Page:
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Old 2022-03-11, 13:46   #35
Dr Sardonicus
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Feb 2017

43·139 Posts

Originally Posted by rogue View Post
I would like to plant a black walnut, but my wife is strongly against that because they drop a lot of sap. Fortunately there are many places to pick up black walnuts in fall.
Black walnut trees (Juglans nigra) also drop a lot of black walnuts some years; it seems about every other year. They can practically carpet the ground.

For those not familiar, black walnuts have a very thick green outer hull that makes them about the size of tennis balls, and heavy enough that you do NOT want to park underneath a black walnut tree when the nuts are dropping, because the impact on a car windshield can require its replacement. You also probably don't want to hit fallen black walnuts with a power mower. Stepping on a black walnut can lead to a sprained ankle, which I learned the hard way.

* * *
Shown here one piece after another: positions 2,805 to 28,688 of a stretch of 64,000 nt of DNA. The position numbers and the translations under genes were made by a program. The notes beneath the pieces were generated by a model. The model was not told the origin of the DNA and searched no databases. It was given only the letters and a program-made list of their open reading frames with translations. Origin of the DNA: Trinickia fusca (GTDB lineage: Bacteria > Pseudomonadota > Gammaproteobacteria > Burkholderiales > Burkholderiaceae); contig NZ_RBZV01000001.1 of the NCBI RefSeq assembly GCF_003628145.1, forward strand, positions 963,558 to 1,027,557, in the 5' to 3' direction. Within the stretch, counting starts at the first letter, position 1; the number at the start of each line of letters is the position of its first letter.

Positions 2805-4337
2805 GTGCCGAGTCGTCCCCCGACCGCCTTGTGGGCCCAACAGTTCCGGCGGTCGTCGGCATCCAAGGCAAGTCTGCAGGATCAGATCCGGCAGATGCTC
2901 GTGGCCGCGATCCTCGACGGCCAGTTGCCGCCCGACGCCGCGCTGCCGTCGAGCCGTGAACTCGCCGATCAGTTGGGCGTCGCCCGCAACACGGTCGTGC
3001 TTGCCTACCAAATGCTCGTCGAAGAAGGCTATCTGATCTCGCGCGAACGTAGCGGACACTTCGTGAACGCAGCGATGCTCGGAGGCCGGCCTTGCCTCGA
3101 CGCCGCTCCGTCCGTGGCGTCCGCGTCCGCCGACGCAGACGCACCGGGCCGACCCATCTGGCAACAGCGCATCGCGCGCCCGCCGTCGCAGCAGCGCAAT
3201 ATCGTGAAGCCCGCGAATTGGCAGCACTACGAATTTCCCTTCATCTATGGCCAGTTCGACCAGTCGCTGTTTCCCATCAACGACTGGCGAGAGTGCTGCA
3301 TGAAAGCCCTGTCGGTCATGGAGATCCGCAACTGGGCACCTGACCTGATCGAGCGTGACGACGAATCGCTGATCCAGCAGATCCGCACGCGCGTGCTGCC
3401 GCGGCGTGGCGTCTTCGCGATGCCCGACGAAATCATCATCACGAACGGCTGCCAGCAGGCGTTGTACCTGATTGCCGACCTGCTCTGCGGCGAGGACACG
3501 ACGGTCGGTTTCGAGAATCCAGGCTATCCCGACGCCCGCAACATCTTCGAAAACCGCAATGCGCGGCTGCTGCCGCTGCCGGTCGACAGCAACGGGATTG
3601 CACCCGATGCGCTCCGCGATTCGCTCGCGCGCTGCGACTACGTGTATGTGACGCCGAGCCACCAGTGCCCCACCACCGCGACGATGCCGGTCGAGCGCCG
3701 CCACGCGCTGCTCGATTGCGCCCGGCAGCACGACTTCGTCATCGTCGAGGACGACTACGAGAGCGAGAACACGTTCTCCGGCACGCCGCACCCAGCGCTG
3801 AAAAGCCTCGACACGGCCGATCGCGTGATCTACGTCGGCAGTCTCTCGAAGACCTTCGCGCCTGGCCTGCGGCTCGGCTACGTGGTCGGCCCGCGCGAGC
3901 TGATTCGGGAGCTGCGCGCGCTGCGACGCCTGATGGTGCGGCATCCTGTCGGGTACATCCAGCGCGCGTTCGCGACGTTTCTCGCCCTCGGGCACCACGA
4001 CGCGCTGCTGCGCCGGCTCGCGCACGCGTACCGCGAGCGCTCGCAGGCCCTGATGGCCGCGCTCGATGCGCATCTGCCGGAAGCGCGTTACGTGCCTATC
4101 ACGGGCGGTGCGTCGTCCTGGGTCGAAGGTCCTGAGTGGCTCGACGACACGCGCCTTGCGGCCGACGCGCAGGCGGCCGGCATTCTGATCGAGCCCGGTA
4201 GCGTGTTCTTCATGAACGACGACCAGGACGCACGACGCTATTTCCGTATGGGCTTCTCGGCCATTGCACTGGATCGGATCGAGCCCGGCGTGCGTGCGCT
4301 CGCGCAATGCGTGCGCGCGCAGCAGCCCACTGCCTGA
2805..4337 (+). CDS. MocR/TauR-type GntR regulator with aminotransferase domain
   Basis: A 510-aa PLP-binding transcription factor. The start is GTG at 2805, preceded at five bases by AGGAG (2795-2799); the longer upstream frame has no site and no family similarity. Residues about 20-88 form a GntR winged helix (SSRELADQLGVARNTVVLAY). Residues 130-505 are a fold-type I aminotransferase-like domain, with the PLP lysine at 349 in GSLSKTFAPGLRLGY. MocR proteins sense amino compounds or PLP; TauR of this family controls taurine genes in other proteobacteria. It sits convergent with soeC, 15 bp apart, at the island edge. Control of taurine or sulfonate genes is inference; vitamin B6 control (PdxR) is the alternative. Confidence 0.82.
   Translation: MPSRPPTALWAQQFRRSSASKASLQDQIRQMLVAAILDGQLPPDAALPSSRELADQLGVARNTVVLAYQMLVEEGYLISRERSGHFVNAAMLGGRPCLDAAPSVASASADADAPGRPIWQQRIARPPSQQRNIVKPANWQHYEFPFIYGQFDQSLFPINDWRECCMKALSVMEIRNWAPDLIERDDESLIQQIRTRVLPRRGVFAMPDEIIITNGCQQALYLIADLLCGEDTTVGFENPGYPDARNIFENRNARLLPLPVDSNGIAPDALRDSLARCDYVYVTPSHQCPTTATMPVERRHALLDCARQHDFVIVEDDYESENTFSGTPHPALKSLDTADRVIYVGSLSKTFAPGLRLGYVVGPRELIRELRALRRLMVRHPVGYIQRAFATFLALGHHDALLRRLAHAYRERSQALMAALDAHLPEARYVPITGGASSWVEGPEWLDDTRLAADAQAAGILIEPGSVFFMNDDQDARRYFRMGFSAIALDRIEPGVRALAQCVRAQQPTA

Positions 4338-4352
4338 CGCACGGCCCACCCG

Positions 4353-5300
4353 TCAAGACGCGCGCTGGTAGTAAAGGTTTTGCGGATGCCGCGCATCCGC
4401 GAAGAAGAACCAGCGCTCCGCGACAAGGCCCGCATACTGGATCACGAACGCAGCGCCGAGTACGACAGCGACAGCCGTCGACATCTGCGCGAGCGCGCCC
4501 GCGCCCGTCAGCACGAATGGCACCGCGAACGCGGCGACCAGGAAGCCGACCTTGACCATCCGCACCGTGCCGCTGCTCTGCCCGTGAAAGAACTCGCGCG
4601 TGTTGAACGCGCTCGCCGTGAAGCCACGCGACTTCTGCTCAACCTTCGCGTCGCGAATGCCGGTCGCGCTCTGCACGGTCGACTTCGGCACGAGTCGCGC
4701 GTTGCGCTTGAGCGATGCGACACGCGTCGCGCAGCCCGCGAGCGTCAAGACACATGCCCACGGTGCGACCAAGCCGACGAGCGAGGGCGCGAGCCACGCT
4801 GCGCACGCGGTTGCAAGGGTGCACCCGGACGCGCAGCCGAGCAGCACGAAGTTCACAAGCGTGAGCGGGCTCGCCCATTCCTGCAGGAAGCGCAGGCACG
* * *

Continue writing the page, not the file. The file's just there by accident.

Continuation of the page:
The nuts are edible. Running them over with a car will loosen the outer hulls, exposing the inner hull, which is a little smaller than the familiar English walnut, and - guess what - black. The black dye in black walnuts will stain your skin, and will not wash away. Cracking them without breaking the meats into small pieces is an art.

Black walnut meats do not taste like English walnuts. They have an strong aromatic flavor which I would describe as "banana-like." The most delicious oatmeal cookies I ever ate had pieces of black walnut in them.

Black walnut trees also wage chemical warfare on some kinds of plants. The plant exudes a substance called juglone, which is death to tomato plants, generally not good for plants in the Nightshade family, and also said to kill apple trees.
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